Musée d’art contemporain de Montréal - Canada
11 / 02 / 2016 - 22 / 05 / 2016

The Musée d’art contemporain de Montréal (MAC) is pleased and proud to welcome Ragnar Kjartansson and the unique world he conveys through ironic humour and a philosophical melancholy. This internationally acclaimed Icelandic artist combines music, theatre, performance, visual arts and film in works filled with romantic suffering that unfold over time. As John Zeppetelli, MAC Director and Chief Curator, notes, “this extraordinary artist explores the tension between the sublime and the mundane.”

Ragnar Kjartansson, the artist’s first major museum exhibition in Canada, will allow a public eager for new discoveries to take in three monumental video installations as well as a dazzling musical/theatrical production to be presented at Place des Arts for one evening only. The exhibition will run until May 22, 2016; the performance will take place on March 3 at 8pm.

Ragnar Kjartansson, the exhibition
Curated by John Zeppetelli

The centrepiece of the Montréal presentation, The Visitors, 2012, is a nine-channel video installation that revolves around a musical performance put on at Rokeby, a 19th-century mansion in upstate New York. For this impressive production that has garnered worldwide praise, the artist gathered a group of his musician friends and acquaintances from Reykjavik and beyond. Together, they perform Feminine Ways—a long, tender, captivating poem—each playing their instruments in isolation in separate rooms; the audience moves about in the midst of this recording session offering an ode to friendship.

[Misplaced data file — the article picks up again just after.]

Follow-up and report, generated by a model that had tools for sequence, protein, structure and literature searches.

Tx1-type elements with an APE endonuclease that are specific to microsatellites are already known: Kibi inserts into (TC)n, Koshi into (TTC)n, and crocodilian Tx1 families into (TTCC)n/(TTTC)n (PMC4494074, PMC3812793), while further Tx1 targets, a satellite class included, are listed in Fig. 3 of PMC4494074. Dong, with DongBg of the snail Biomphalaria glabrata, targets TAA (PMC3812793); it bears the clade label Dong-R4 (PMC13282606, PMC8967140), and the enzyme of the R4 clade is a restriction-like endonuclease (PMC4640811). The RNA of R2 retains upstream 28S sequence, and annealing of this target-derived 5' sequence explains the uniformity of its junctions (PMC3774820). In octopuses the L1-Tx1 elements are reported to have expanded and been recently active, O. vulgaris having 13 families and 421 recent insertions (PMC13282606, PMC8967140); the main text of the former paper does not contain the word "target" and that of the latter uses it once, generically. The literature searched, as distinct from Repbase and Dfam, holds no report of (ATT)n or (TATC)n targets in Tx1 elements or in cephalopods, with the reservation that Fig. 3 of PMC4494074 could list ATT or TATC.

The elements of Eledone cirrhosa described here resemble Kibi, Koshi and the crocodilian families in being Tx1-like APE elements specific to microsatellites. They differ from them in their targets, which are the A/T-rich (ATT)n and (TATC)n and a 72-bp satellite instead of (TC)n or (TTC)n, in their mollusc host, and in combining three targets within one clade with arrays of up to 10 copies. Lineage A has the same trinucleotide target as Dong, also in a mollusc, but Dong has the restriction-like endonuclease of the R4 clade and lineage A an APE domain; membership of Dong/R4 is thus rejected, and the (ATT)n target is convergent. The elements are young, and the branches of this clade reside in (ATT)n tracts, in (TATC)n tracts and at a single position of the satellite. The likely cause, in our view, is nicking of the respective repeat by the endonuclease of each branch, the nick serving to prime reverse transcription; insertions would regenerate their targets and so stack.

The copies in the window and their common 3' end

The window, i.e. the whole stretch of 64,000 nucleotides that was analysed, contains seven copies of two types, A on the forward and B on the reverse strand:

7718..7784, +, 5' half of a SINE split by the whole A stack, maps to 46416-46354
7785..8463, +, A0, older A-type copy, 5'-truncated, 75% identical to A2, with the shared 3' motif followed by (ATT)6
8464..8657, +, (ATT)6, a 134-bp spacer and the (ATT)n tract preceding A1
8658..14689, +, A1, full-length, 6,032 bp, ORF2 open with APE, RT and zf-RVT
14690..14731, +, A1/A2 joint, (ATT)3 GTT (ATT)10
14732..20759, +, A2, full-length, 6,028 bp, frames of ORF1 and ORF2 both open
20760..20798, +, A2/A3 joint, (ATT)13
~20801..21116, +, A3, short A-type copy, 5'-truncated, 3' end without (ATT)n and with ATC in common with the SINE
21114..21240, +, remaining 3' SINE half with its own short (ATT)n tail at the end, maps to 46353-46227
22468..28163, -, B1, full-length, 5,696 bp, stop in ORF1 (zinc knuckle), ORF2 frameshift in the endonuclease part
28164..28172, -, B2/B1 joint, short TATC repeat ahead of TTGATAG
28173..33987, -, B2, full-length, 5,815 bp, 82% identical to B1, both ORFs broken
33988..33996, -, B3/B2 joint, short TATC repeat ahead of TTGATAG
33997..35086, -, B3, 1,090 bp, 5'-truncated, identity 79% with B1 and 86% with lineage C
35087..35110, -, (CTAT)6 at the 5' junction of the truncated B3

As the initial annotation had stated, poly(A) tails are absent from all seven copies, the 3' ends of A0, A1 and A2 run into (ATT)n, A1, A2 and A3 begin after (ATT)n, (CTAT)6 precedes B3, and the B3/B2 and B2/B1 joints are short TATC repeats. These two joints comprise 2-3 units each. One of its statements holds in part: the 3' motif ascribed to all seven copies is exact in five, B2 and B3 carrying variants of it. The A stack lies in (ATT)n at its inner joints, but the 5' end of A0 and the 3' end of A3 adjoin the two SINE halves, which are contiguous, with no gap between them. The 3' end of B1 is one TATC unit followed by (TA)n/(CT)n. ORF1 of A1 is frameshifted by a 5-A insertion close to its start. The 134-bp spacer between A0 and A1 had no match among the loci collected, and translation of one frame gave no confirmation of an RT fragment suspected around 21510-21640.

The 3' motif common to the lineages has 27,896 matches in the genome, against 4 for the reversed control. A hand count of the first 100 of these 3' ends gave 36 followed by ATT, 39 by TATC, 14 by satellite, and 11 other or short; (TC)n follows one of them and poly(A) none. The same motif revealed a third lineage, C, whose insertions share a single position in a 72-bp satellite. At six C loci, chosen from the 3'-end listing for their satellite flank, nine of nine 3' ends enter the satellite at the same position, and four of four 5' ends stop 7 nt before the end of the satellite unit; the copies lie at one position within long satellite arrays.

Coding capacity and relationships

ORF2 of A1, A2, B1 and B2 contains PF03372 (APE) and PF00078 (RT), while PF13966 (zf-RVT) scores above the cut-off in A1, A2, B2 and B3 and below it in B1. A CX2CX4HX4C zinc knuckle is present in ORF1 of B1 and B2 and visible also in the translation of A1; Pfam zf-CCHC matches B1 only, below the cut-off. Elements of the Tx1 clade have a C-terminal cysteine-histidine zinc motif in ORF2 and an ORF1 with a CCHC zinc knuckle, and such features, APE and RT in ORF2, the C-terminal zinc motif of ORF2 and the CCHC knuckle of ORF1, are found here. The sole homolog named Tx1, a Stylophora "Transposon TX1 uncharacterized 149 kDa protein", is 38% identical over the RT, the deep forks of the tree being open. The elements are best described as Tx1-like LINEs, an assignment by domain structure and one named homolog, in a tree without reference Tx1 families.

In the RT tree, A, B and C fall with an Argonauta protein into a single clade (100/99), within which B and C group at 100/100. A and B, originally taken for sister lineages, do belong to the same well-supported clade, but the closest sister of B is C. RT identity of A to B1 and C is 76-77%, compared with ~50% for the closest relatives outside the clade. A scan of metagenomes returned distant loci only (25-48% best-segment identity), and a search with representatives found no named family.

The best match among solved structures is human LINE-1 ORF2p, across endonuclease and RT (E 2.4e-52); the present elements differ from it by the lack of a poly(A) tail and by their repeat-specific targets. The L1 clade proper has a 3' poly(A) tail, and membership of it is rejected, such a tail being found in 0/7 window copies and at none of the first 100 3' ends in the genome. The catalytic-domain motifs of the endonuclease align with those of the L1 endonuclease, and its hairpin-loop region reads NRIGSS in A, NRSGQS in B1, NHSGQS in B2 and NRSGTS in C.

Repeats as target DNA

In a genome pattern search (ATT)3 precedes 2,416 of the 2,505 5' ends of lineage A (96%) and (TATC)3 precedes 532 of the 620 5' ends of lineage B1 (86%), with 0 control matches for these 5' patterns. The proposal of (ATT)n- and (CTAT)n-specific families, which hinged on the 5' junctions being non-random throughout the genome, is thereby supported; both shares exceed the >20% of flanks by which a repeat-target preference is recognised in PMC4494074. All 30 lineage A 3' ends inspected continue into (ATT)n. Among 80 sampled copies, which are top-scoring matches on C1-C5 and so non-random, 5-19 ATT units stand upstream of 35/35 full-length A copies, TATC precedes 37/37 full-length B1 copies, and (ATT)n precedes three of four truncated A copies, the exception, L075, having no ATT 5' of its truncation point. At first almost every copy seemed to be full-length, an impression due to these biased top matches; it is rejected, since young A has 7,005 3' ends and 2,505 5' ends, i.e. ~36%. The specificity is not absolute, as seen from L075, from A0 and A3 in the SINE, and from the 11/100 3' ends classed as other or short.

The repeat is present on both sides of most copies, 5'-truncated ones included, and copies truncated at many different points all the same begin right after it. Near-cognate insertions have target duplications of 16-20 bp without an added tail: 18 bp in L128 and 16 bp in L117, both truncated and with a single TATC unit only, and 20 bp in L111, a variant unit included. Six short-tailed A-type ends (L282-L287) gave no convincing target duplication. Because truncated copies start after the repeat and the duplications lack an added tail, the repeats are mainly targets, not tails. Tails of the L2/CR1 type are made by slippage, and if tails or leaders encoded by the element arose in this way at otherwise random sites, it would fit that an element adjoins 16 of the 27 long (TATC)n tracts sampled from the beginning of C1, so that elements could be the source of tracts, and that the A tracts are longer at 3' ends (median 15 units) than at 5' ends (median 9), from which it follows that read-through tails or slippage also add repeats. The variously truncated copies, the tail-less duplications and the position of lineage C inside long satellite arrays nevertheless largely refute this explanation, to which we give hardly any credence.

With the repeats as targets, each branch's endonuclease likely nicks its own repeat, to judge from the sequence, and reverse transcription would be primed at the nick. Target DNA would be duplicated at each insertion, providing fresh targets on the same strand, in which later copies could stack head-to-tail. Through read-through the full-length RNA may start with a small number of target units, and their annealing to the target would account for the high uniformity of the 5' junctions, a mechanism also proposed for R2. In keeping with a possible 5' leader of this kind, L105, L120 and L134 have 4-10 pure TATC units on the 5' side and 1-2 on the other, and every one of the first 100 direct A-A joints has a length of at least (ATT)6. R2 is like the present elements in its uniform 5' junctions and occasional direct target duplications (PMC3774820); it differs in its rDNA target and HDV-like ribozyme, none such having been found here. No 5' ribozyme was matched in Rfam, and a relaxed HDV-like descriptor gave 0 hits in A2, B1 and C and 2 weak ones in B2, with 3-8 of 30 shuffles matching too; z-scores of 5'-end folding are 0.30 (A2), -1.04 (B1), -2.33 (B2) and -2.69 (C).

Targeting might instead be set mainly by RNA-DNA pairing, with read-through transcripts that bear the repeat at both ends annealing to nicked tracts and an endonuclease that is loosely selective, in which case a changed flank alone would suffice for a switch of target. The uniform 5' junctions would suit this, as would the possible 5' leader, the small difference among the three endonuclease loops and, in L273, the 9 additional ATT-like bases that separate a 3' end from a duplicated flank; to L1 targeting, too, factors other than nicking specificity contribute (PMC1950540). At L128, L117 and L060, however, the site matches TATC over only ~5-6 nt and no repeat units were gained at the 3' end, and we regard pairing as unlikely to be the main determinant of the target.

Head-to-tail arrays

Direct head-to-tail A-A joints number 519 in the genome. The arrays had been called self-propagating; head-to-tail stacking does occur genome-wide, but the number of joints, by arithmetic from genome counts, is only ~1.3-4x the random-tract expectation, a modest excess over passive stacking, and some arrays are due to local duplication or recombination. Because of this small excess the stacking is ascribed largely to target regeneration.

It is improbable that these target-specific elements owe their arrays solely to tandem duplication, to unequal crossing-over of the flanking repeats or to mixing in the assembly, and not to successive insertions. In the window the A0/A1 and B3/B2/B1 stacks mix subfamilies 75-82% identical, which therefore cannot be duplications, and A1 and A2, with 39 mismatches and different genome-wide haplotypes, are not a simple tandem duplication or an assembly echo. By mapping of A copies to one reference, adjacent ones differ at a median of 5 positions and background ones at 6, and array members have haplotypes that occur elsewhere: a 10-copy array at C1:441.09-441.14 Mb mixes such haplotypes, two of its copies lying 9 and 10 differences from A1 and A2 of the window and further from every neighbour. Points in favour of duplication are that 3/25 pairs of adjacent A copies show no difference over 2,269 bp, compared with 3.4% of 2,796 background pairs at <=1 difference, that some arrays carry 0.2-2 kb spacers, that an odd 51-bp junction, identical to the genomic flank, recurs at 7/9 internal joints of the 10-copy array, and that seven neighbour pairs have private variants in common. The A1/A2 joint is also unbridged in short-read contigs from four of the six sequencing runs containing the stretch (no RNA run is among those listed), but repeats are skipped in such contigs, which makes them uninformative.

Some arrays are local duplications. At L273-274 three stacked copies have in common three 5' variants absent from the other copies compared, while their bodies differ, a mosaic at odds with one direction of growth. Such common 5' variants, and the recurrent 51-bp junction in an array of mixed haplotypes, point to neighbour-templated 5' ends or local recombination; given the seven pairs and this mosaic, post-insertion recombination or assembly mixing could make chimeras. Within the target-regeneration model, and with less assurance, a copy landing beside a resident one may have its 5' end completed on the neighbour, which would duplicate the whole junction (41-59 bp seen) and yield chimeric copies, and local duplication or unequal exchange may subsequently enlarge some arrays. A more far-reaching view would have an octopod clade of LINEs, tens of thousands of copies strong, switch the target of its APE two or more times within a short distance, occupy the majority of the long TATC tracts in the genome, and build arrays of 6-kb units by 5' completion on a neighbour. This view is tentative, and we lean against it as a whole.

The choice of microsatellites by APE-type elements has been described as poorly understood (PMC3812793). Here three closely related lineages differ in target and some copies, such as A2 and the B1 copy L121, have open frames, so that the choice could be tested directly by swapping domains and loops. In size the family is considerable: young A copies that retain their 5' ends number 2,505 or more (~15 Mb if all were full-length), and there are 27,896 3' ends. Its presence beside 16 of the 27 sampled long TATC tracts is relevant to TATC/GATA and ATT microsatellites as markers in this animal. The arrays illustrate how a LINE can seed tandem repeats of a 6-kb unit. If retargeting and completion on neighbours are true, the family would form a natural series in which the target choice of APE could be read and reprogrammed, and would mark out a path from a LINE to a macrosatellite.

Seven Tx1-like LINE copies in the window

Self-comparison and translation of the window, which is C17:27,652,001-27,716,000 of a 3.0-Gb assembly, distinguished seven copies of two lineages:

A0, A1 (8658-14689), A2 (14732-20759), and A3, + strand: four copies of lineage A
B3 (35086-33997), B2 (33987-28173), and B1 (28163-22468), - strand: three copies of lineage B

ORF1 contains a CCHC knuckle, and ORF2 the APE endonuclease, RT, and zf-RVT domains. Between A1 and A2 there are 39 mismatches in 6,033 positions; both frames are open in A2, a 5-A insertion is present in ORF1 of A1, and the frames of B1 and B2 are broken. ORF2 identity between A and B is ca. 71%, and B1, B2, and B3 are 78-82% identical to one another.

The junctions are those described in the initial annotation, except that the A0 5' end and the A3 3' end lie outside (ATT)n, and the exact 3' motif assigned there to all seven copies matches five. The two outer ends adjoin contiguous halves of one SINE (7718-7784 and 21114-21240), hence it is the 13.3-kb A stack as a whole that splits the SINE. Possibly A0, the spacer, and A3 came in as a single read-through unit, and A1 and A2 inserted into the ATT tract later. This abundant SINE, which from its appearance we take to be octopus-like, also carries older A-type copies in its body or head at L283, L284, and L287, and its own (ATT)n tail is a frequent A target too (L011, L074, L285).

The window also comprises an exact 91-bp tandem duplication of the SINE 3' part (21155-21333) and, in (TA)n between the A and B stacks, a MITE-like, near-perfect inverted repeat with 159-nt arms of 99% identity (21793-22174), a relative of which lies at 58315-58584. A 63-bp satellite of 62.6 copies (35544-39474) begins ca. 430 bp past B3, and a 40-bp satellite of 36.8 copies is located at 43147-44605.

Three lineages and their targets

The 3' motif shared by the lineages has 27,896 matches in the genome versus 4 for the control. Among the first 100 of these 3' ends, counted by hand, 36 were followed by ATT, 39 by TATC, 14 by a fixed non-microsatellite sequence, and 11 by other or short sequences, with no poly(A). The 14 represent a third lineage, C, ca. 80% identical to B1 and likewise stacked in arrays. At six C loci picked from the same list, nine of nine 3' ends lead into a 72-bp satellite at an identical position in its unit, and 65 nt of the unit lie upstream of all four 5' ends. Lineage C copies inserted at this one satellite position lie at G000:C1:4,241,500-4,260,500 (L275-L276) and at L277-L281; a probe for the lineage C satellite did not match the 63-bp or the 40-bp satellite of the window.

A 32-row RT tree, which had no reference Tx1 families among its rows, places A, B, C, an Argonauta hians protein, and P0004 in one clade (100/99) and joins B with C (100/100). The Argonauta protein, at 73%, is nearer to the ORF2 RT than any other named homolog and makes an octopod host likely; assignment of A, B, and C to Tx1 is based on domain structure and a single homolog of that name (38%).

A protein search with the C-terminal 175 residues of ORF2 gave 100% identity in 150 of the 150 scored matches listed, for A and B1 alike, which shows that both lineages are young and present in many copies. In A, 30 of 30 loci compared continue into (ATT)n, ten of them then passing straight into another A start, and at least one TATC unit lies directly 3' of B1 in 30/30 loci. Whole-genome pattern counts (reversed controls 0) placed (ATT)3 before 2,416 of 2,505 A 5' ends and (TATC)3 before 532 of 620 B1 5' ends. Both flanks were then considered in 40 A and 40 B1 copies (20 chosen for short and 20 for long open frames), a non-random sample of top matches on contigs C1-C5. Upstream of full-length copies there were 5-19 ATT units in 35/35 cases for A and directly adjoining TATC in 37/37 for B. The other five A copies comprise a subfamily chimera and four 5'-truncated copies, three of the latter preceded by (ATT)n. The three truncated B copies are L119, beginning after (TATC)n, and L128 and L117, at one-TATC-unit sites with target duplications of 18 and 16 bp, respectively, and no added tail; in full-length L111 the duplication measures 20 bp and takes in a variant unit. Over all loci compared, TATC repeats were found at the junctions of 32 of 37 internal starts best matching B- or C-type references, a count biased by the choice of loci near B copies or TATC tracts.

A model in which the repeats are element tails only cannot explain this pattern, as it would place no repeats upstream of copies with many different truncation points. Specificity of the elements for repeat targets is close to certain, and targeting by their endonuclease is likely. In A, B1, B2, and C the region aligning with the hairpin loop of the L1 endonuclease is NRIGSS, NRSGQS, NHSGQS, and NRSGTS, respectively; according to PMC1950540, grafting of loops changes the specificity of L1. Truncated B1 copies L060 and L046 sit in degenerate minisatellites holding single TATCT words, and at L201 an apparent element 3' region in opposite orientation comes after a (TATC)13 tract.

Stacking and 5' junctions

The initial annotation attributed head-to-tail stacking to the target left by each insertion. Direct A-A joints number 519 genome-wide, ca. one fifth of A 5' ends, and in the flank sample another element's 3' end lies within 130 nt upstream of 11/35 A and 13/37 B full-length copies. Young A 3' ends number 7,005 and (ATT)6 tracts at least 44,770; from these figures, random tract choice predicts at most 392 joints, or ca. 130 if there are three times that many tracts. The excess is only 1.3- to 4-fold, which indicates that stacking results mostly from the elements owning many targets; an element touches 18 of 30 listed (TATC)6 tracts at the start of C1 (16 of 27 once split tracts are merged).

Ragnar Kjartansson 3The six-hour video A Lot of Sorrow, recently acquired by the MAC, was shot during a performance of the same name conceived by Kjartansson and executed by the U.S. band The National. For this event, The National played their 3:35-minute song “Sorrow” live on stage, continuously, for six hours. Throughout A Lot of Sorrow, as the hours go by and fatigue sets in, the musicians subtly change the song, experimenting while always keeping the original track recognizable.

The third piece, World Light – The Life and Death of an Artist, 2015, pays tribute to the figure of the cursed artist and the insatiable quest for beauty. An exhibition held in Vienna, called The Palace of the Summerland, gave Kjartansson the opportunity to transform a gallery into a movie set where he could shoot scenes from World Light, an epic novel by Icelandic author Halldór Laxness, winner of the Nobel Prize in Literature.

The Explosive Sonics of Divinity at Place Des Arts
Curated by Louise Simard

Finally, to coincide with the exhibition Ragnar Kjartansson, the MAC is also presenting, on Thursday, March 3, 2016—in its North American premiere and for one night only—the 50-minute musical/theatrical production The Explosive Sonics of Divinity, 2014, at Théâtre Maisonneuve, in the Quartier des Spectacles. To music by Kjartan Sveinsson, former keyboardist with the cult band Sigur Rós, this highly romantic drama, featuring no characters other than the Icelandic landscape that inspired these enormous moving canvases painted by the artist and his friends in Reykjavik, is performed by 39 musicians and 16 choristers from the Orchestre Métropolitain.

A compelling homage to classic stage design, the piece exemplifies Kjartansson’s inventiveness and is one of a number of works inspired by Laxness’s novel World Light. Produced by the Volksbühne am Rosa-Luxemburg-Platz, Berlin.

Ragnar Kjartansson 2Ragnar Kjartansson was born in Reykjavik, Iceland, in 1976. He studied at the Iceland Academy of the Arts and the Royal Swedish Academy, Stockholm. His works have been shown in museums and institutions around the world, including the Arthouse at the Jones Center, Austin (2011); the Institute of Contemporary Art, Boston (2012); and HangarBicocca, Milan (2013). Recent solo shows of Kjartansson’s works have been presented at Thyssen-Bornemisza Art Contemporary, Vienna (2013 and 2014); the New Museum, New York (2014); and Palais de Tokyo, Paris (2015). In 2009, Kjartansson represented Iceland at the Venice Biennale, and in 2011 he received the Malcolm McLaren Award at Performa 13 in New York.